District 9 is a alien movie attempting to do what no other has ever done before, and let’s say, no one saw this coming. A jaw dropping mix of an intense plot, extreme action and historical issues make this a first encounter never to forget.
District 9 starts as a documentary about a group of aliens named ‘Prawns’ whose spaceship had ground to a halt over Johannesburg in South Africa 20 years earlier. Since then the humans had moved the aliens to so-called townships, which were actually slums bossed by Nigerian gangsters who took advantage of the scared aliens. But when the people begin to get angry with the aliens the government sends an armed group of security officers known as the ‘MNU’ in to District 9 to get the ‘Prawns’ to move to a new camp. However, when the convoy of APCs return to the MNU hq, newly promoted field manager Wicus discovers he is changing in strange ways, after he was sprayed by liquid from a container found in an alien shack. He soon finds himself a fugitive and the most valuable item on earth. Needing help from the ‘Prawns’ Wicus attempts to set his life straight but events take an unhelpful turn.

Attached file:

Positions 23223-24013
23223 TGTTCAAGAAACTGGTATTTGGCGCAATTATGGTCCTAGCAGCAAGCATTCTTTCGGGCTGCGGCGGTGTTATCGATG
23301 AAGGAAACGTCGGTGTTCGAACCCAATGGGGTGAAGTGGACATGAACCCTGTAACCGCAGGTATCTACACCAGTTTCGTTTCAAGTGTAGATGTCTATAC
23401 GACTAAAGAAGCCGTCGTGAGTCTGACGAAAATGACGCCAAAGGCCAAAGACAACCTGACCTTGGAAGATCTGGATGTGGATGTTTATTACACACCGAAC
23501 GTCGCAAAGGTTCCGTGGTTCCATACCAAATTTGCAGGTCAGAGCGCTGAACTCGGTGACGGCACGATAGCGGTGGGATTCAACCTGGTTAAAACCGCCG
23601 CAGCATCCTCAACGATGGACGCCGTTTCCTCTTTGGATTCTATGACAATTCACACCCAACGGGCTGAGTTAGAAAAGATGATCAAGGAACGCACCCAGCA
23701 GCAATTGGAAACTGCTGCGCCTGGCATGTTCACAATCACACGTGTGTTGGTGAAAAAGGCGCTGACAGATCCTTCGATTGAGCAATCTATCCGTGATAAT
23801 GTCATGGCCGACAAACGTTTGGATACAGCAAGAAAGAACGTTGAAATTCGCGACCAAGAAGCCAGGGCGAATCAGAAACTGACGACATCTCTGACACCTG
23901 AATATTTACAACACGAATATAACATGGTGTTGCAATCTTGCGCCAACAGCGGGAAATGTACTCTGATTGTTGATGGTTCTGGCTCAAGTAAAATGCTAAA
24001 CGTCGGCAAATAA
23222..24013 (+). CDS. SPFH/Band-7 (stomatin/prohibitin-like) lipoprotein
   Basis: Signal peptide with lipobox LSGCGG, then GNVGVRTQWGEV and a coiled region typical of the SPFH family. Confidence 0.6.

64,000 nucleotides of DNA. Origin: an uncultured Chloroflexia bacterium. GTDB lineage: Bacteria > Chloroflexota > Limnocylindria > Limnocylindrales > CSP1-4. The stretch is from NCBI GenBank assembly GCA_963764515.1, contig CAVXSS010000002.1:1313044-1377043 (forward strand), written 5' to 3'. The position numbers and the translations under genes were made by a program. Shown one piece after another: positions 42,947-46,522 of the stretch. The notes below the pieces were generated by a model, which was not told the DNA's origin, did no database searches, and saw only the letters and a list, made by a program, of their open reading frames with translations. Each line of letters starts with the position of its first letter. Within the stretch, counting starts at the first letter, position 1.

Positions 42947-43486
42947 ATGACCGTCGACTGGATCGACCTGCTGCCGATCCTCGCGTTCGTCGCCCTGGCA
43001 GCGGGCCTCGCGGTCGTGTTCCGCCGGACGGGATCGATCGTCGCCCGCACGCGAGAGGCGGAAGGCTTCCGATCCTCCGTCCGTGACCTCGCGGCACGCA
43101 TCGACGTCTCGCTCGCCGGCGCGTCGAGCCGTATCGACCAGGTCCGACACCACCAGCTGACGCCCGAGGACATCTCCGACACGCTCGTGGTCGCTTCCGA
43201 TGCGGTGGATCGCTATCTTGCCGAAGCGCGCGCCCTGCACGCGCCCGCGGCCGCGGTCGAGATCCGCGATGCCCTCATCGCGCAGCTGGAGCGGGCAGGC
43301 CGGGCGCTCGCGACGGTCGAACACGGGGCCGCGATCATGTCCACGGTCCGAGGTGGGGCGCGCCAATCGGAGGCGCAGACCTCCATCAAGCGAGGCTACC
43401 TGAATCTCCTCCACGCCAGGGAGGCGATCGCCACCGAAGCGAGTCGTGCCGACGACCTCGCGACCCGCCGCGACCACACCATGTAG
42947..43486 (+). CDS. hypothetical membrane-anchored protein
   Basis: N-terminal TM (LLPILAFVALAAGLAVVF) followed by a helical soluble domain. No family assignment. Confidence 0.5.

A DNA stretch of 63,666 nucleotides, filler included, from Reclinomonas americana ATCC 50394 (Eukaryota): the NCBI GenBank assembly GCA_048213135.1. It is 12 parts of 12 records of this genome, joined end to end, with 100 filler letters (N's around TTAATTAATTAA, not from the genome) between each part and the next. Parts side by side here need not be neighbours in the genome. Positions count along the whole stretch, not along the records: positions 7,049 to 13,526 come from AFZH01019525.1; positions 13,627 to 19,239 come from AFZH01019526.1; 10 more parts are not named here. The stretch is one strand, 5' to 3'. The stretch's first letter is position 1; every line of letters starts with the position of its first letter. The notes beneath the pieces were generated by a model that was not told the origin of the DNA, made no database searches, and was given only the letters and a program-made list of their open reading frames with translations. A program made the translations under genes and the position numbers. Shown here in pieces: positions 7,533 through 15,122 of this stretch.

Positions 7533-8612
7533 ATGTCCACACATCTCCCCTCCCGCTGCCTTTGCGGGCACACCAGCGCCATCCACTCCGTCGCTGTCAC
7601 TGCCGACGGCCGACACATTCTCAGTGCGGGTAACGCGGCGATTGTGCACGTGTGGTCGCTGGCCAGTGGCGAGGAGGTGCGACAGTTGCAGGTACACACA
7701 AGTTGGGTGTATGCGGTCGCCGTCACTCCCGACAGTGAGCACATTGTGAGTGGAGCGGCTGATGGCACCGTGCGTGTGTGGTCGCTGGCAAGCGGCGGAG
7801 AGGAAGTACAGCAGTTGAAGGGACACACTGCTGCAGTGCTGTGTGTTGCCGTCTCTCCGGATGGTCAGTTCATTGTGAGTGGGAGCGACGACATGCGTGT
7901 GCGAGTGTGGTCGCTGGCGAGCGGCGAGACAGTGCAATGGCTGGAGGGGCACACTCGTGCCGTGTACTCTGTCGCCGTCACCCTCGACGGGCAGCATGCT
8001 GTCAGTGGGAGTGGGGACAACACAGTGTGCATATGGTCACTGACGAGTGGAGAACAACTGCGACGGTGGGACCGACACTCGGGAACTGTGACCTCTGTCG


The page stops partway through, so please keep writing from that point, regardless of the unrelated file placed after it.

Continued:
An excellent feature of the film is how it satirises the apartheid system in South Africa and the way it shows how people in power through history have failed to to treat groups of people (or, in this case aliens) that are different to them as their equals.
There are no faults in District 9: stunning special effects, excellent drama and subtle layers of meaning ensure that this movie rises high and mighty above all tacky alien invasions and extraterrestrial horror films to tackle the truth behind the historical contact between earthlings.